Potholes are a nuisance to drivers and can be a hazard on the roadway.
Contact Manitoba Public Insurance (MPI) if your vehicle was damaged when hitting a pothole.
Freeze thaw cycles during the spring season cause most potholes. During warmer weather, the snow melts, causing water to seep into the cracks in the pavement and/or sub base. When the temperature drops, the water freezes and causes the sub base to expand. This puts pressure on the pavement in a small area, resulting in pavement failure or a pothole.
Similarly, water in the cracks or in between the concrete and asphalt overlays can freeze, causing pieces of pavement to pop out. Heavy traffic puts an added burden on weak pavement.
An important part of street maintenance is repairing potholes. The City strives to repair potholes in a safe and cost effective manner, keeping in mind safety, budget, personnel, and environmental concerns. Depending on the situation, the pothole repair method may vary from the temporary repairs that crews make during the winter season and cold wet springtime conditions, to a pressurized-emulsion patch, to a longer term hot asphalt repair under dry conditions. See repair method descriptions below:
- Cold-mix patch
- Asphalt product designed to remain workable during cold weather.
- Good bond between pavement and patch is not established, and in turn water can quickly find its way under the patch forcing it out of the pothole due to freeze/thaw action.
- It is intended to be a short-term repair to improve road safety during cold and wet conditions.
- Machine-applied spray consisting of a combination of hot emulsified asphalt oil and crushed limestone chips.
- The high pressure at which the patching material is sprayed forces it tightly into the pothole, and to some extent, it displaces any water that may be in the pothole.
- It is intended to be a medium-term repair that lasts approximately six to eight months.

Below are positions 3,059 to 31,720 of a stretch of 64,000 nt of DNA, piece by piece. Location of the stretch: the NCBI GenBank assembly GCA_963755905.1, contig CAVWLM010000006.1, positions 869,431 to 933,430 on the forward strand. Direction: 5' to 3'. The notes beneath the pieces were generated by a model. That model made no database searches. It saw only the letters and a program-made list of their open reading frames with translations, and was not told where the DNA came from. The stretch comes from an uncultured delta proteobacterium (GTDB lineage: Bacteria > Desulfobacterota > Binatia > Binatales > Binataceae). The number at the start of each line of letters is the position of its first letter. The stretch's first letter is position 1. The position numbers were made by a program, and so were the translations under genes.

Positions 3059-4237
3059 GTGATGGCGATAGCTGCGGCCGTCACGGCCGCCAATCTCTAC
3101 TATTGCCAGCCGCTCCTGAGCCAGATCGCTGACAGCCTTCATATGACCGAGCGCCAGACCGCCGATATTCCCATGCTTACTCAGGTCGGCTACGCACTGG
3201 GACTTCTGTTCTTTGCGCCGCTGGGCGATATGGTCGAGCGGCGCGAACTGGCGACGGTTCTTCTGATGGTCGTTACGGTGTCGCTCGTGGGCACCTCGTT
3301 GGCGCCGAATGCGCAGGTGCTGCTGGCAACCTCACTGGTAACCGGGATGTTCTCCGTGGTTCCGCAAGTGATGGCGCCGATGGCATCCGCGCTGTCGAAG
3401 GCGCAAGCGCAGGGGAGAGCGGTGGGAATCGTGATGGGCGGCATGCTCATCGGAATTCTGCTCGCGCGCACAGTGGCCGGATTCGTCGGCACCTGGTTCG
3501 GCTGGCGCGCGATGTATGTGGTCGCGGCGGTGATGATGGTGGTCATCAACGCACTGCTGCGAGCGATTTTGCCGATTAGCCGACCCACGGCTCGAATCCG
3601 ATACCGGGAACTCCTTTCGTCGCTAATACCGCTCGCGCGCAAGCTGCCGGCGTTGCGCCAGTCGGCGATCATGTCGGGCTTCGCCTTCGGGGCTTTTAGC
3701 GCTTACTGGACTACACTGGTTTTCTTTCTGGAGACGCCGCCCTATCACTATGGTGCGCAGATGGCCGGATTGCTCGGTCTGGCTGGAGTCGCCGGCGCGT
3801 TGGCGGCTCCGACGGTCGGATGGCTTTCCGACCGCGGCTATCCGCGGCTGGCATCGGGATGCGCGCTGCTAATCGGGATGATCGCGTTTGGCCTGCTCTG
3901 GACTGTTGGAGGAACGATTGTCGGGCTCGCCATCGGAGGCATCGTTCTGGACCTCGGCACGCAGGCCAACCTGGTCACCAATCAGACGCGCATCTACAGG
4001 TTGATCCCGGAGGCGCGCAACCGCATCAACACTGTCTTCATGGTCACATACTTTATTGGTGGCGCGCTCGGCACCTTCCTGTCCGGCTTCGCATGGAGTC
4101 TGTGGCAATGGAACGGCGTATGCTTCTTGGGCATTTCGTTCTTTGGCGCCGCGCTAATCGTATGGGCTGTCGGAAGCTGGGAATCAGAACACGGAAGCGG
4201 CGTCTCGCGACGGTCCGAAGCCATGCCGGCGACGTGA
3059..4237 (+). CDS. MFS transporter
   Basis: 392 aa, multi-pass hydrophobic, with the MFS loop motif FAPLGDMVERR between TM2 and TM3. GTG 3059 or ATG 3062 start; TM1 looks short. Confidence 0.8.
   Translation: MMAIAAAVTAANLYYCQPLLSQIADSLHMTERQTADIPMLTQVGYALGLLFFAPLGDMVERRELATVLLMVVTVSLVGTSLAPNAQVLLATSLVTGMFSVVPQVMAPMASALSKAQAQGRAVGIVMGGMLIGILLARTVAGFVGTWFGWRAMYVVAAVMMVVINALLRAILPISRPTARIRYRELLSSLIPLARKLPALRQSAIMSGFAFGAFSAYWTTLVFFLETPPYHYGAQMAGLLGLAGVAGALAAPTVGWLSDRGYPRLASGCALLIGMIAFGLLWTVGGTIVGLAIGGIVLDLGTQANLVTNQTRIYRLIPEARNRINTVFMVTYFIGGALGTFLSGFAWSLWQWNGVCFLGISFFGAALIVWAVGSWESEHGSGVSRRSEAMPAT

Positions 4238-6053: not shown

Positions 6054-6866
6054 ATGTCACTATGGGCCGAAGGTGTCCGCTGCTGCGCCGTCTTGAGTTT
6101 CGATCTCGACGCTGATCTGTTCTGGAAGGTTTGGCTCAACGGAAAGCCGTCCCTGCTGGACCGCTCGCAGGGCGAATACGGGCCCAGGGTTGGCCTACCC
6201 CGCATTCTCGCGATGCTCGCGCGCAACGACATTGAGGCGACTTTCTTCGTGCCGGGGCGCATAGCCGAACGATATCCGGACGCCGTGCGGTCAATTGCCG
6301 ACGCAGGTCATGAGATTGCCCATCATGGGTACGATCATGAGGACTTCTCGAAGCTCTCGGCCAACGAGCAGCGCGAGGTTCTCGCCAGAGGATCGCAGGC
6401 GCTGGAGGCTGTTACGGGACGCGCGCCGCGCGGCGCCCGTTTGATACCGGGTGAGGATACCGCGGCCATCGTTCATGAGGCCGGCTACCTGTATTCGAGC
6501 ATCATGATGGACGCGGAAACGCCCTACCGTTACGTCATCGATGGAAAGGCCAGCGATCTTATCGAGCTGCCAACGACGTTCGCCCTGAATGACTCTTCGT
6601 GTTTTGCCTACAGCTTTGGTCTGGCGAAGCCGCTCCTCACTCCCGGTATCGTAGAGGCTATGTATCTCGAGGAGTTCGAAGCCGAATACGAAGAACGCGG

Longer term hot asphalt repair
- Hot-mix patch made of hot asphalt.
- Applied during dry weather.
- Debris in the pothole is swept/blown out and a tack coat of sticky emulsified asphalt oil is applied to the pothole.
- The hot asphalt mixture is placed into pothole and compacted with a vibratory plate compactor or vibratory roller.
- Produces a dense, hard patch that seals the edges of the pothole preventing water from getting under the patch.
- It is intended to be a longer-term repair.
If your vehicle was damaged when you hit a pothole, we recommend contacting Manitoba Public Insurance. A clear advantage to contacting them is that the MPI Adjuster will handle many of the details associated with resolving this situation.
You also have the option of contacting City Claims directly; however you will be responsible for handling many of the details that the MPI Adjuster would have handled for you.
When contacting City Claims directly, you will be expected to:
- Provide a minimum of two estimates
- Arrange an appointment with a City Claims adjuster to see damage
By far, the easiest way to handle this situation is to contact Manitoba Public Insurance.
Visit the MPI Contact Us page.